fashion meets echo meets politics at New York Fashion Week

fashion meets echo meets politics at New York Fashion Week

Three months after the US Supreme Court’s decision to revoke Roe v Wade, removing the constitutional right to legal abortion that lasted nearly half a century, New York designer Gabriela Hearst went to New York Fashion Week to “declare “Cecile Richards, former president of Planned Parenthood, on her spring runway.

This fashion week is the first since the decision in June and Tuesday afternoon, wearing a black double-breasted coat with mottled rose gold bars along the lapel, the women’s rights activist was among the 50 strong “goddesses and warriors”, among including teenagers climate activist Xiye Bastida and amputee model and activist Lauren Wasser.

The show wasn’t explicitly biased towards women’s reproductive rights, but focused on those who were neglected, drawing inspiration from the ancient Greek poet Sappho – often considered Homer’s woman – only discovered by Hearst after her daughter decided to dress as her for Halloween. “It makes me wonder if I would have heard of her if she was born a man,” he said before the show.

The Uruguayan-born designer launched her womenswear brand in 2015 with the sole goal of making clothes that women can actually wear, albeit at a three- or four-figure price. Despite showing women’s and men’s fashion on Tuesday, the modest number of real men actually on the runway – there were a few, even though they mostly appeared as accessories for women and were dressed in complementary colored clothing – was an attempt. to put women front and center of the show.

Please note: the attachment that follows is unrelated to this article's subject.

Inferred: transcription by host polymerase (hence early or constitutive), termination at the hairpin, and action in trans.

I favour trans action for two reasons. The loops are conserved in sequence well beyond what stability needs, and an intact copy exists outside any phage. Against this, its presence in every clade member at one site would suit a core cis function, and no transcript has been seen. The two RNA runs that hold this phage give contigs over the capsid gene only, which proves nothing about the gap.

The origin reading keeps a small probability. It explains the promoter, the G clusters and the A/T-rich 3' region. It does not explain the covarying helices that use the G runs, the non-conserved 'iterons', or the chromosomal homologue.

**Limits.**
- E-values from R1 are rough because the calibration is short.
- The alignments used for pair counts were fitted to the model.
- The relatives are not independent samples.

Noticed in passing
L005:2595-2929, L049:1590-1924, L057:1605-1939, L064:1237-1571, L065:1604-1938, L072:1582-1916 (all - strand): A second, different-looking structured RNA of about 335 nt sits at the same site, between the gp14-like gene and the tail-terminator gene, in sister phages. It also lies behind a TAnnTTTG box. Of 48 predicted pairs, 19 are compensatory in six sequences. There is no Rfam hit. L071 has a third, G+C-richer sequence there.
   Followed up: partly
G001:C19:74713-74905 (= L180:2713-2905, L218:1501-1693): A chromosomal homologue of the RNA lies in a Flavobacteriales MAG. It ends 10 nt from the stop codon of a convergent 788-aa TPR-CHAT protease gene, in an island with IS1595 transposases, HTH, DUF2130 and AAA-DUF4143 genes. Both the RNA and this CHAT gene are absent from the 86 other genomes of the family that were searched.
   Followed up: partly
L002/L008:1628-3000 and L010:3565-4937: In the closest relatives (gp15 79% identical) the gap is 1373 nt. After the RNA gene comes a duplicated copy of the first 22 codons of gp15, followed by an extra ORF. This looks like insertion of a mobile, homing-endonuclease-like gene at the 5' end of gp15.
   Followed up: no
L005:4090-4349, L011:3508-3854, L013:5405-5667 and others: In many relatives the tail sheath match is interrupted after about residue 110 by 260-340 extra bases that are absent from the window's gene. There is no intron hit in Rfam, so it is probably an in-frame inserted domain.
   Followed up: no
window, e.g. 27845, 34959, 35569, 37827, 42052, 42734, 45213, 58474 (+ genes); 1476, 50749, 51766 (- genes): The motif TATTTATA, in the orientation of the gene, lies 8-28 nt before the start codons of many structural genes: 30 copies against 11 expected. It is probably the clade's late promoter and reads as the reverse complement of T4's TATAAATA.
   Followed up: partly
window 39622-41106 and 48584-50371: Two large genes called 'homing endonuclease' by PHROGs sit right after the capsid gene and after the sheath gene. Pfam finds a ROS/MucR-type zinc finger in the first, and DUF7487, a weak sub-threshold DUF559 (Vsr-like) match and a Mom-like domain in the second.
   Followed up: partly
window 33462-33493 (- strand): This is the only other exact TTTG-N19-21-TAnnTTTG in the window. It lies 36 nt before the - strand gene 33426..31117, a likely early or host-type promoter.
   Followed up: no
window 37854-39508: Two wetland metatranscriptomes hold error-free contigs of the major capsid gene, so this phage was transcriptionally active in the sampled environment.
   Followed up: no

Featuring leather and nappa (faux leather) dresses with gold armor, floor-length merino dresses knitted like cobwebs, poppy-colored dresses and fisherman-style sandals, the collection lay somewhere between ancient and modern Greece except that inside a warm corrugated metal fish hangar in Brooklyn, normally a transit point for 10 million pounds of fish a year and that once hosted a democratic debate between Hillary Clinton and Bernie Sanders. The Resistance Revival Chorus, a collective of women and non-binary singers, served as the soundtrack to the show, suitably dressed in floor-length white dresses.


Top model Paloma Elsesser walks the Gabriela Hearst catwalk for spring 2023. Photograph: Kristy Sparrow / Getty Images

Hearst, who lives in New York and also oversees Chloé, made a quiet arrival in fashion at a time when women designing for women was a rarity. Known for capturing two of the most visible women in US politics: Jill Biden, who wore two versions of the same embroidered dress on the night of the inauguration and first speech in Congress, and Alexandria Ocasio-Cortez, who wore a teal dress for a fashion shoot for Interview magazine – Hearst is also known for her sustainable manufacturing practices.

In this spring collection, a third of the collection was made with deadstock fabrics and the shoe soles were largely biodegradable. The glue that held the gold foil knit dresses together was also eco-certified, no matter that the warehouse was chock-full of international press and buyers.

Elsewhere in this surprisingly sustainable NYFW, circularity has made its way onto the Coach runway, where under British designer Stuart Vevers, leather soccer balls and old leather jackets have been reworked into tracksuits, coats and bags.

Vevers’ collection was a tribute to his love for American neo-noir cinema. Set on a rickety New York pier, and referencing everything from Paris is Burning to “Joey Ramone at Rockaway Beach and Patti Smith at Coney Island, it was all about modern proportions and bare legs. Seven oversized leather jackets in brown. chocolate, a pair of pants and a beautiful patchwork coat were followed by a handful of paint-stained knitwear and finally various short babydoll dresses in pastel and gingham. The shoes were high heels or brightly colored jelly sandals – very 80s , much consummate Dorothy in Oz.

In both cases it was clothes that looked to the future by working with fabrics – and an atmosphere – firmly fixed in the past.

Related: Can fashion be sustainable? Yes, says Gabriela Hearst of Chloé

Rapper Lil Nas X wears a large leather vest and shorts on the Coach runway

Rapper Lil Nas X debuts as a model for Coach at NYFW. Photograph: Taylor Hill / FilmMagic

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